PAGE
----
Nelson, backed against the gate and surrounded by a group of strangers, began to tremble and sweat. When one of the workers stepped forward to test the chain around Lani’s wrist, the pony lunged, lashing out at the nearest man and almost trampling Lani. The metal gate rattled at the hinges and the man jumped back.
"Leave it," the community guy ordered, "or someone will get hurt. We’ll go to the next property. I’ll sort this out later this afternoon when I get some phone range."
Robert, instead of grabbing the toolbox from the ute’s tray to fix the pump, reached for his empty thermos, half filled it with bourbon, and wandered falteringly toward the dusty tangle of trees lining the creek bank. A squawking curtain of yellow and white corellas lifted from a copse of she-oaks in annoyance. Thermos in hand, he settled on a smooth flat river stone in the dappled shade, chugging from the thermos which warmed his stomach. His light-blue eyes, as faded as the ancient river stones on which he sat, scanned the horizon for the dust of the arriving vehicles. Surely, they’d have passed through his gate by now?
The creek was almost dry, just a few crusty pools of water in the deepest depressions, but far below, from a branch of the artesian basin, water flowed clear, cold, and fresh. Although Robert tapped this water to use, he valued it. Barely a day passed without him feeling thankful for it. But only two bores could be sunk deep enough to reach it. Like the surrounding properties, his farm was so dry, suffering. His plans for property improvements had been on hold for so long.
The warm bourbon buzz spread through him and his breath came easy and gentle.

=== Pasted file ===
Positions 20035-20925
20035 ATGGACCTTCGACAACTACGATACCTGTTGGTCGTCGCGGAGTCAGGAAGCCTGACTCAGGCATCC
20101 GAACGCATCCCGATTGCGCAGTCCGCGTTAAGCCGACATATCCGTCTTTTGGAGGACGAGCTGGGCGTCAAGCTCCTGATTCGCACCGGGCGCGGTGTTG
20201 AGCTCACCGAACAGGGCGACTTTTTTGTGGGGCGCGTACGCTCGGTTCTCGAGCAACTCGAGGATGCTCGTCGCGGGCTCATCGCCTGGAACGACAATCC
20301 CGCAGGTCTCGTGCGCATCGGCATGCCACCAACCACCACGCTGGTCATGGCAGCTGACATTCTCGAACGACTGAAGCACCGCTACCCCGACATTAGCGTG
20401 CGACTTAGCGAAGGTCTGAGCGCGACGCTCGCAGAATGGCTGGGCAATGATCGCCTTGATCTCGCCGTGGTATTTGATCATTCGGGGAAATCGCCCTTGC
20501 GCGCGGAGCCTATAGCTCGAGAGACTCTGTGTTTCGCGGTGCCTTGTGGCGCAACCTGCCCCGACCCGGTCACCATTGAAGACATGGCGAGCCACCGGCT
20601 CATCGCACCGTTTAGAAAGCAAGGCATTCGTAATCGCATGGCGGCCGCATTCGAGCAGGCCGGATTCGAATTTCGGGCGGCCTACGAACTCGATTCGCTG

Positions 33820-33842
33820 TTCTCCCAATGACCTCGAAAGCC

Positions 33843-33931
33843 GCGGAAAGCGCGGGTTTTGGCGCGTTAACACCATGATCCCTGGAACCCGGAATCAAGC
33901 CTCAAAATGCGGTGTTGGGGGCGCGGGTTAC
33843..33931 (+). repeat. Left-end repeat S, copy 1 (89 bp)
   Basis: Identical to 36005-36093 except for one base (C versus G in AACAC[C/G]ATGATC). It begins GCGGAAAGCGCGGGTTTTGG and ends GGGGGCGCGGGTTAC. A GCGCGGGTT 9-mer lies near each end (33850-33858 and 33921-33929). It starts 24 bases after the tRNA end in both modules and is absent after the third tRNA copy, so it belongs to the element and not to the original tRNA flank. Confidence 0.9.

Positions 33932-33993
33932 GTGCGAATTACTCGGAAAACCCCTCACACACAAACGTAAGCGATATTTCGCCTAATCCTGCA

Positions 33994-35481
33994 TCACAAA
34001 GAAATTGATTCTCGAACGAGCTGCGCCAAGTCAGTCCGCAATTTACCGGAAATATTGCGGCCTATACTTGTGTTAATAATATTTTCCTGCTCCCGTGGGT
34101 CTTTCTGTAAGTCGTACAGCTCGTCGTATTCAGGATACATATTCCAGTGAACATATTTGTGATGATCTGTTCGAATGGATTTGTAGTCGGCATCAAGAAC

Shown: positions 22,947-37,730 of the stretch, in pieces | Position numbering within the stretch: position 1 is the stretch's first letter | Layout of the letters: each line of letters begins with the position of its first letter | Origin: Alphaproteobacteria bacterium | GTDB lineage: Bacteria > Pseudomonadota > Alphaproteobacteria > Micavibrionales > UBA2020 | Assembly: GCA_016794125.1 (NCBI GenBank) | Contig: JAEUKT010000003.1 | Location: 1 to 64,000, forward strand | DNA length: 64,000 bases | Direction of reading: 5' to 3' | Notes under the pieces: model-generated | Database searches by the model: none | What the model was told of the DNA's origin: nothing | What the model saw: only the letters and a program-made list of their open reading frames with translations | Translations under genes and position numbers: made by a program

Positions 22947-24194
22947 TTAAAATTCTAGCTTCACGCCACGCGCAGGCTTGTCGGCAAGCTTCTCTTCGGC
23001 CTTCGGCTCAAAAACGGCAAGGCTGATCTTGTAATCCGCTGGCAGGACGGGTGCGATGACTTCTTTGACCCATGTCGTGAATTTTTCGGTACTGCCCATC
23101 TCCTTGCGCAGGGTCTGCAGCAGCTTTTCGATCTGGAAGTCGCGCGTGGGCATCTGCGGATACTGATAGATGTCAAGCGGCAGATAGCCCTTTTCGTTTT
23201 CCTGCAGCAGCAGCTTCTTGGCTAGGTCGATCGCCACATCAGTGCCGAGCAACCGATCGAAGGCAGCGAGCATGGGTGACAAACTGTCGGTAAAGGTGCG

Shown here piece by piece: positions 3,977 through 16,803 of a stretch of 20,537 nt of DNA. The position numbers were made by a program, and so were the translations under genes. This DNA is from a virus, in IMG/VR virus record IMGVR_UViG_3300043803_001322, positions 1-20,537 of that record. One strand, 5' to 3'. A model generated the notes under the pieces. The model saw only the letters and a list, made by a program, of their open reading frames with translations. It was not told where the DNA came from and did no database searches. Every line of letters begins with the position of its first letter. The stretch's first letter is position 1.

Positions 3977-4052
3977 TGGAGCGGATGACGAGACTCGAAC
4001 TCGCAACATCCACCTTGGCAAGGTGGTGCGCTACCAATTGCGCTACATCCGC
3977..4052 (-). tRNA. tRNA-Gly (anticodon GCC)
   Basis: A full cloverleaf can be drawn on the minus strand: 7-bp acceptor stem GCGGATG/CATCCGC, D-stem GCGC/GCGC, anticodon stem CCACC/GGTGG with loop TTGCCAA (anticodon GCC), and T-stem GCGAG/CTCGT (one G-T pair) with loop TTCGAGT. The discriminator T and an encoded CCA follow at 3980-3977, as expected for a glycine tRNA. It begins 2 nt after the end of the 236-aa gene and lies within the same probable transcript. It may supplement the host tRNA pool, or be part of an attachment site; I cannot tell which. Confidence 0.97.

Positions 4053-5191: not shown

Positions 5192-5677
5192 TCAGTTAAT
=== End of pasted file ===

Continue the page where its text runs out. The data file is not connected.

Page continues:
The paddocks are rotated now, rested ... the farm needs less water now than it ever has ... it will rain soon ... the grasses will re-establish ... the drought will break soon. It will be ok ... if only it would rain.
Then his in-breath caught as the warm bourbon glow was sliced through with white hot pain, crashing through his chest and down his arm. The thermos clattered to the stony creek bed. He lurched forward, clutching at nothing, mouth gasping, and fell face down on the flat river stones which were absorbing the sun’s gathering heat.
As he lay still in the dry creek bed, his ragged breathing began to slow. The corellas resettled to wait out another hot day, and much higher a wedgetail eagle circled slowly and missed nothing.
Hours later, Robert’s eyelids twitched as his mind wandered through semi-consciousness. He felt the sun striking his shoulders, the air sucking the moisture from his lips like he was standing at a just-opened oven door. His hands scrabbled beneath the smaller stones, searching for pockets of cool relief. He remembered swimming here at the creek as a kid and seeing platypus, paddling with Lani, camping overnight. Memories of water, here. And water far below, water bubbling fresh and cold, filtered through the sand for hundreds of years.
Visions of the Sampson drill filled his mind, piercing the watercourses beneath his land. Fracking it, fucking it. Fumes and fire erupting from cracks in the ground. He flinched and cried out. He saw in the future more and more of his country fenced off, damaged and dying, the worker ants in hardhats crawling over his land’s final carcass.
Like the eagle, Robert’s mind soared over his land, the paddocks, creek beds, ridges and rocky outcrops. He remembered it, knew it, and needed to protect it. He saw every detail. He saw the tracks and trails, the dividing fences, the boundaries, the cattle grids, the gates, the front gate. He heard his father ranting at him to lock the gate. Why hadn’t he locked the gate today?
And that’s when he knew. Lani. She’ll be at the gate.
He rolled over and struggled to his knees, hands bleeding, tongue fat, dry, and choking. With his head almost cleaved in two by pain he hoisted himself that first step toward the heat-hazed outline of the Toyota. The gate, gotta get to the gate.
Jennifer Pritchard is a student of Southern Cross University and is completing a Bachelor of Arts majoring in Writing. She grew up in regional NSW and has an interest in nature and the environment.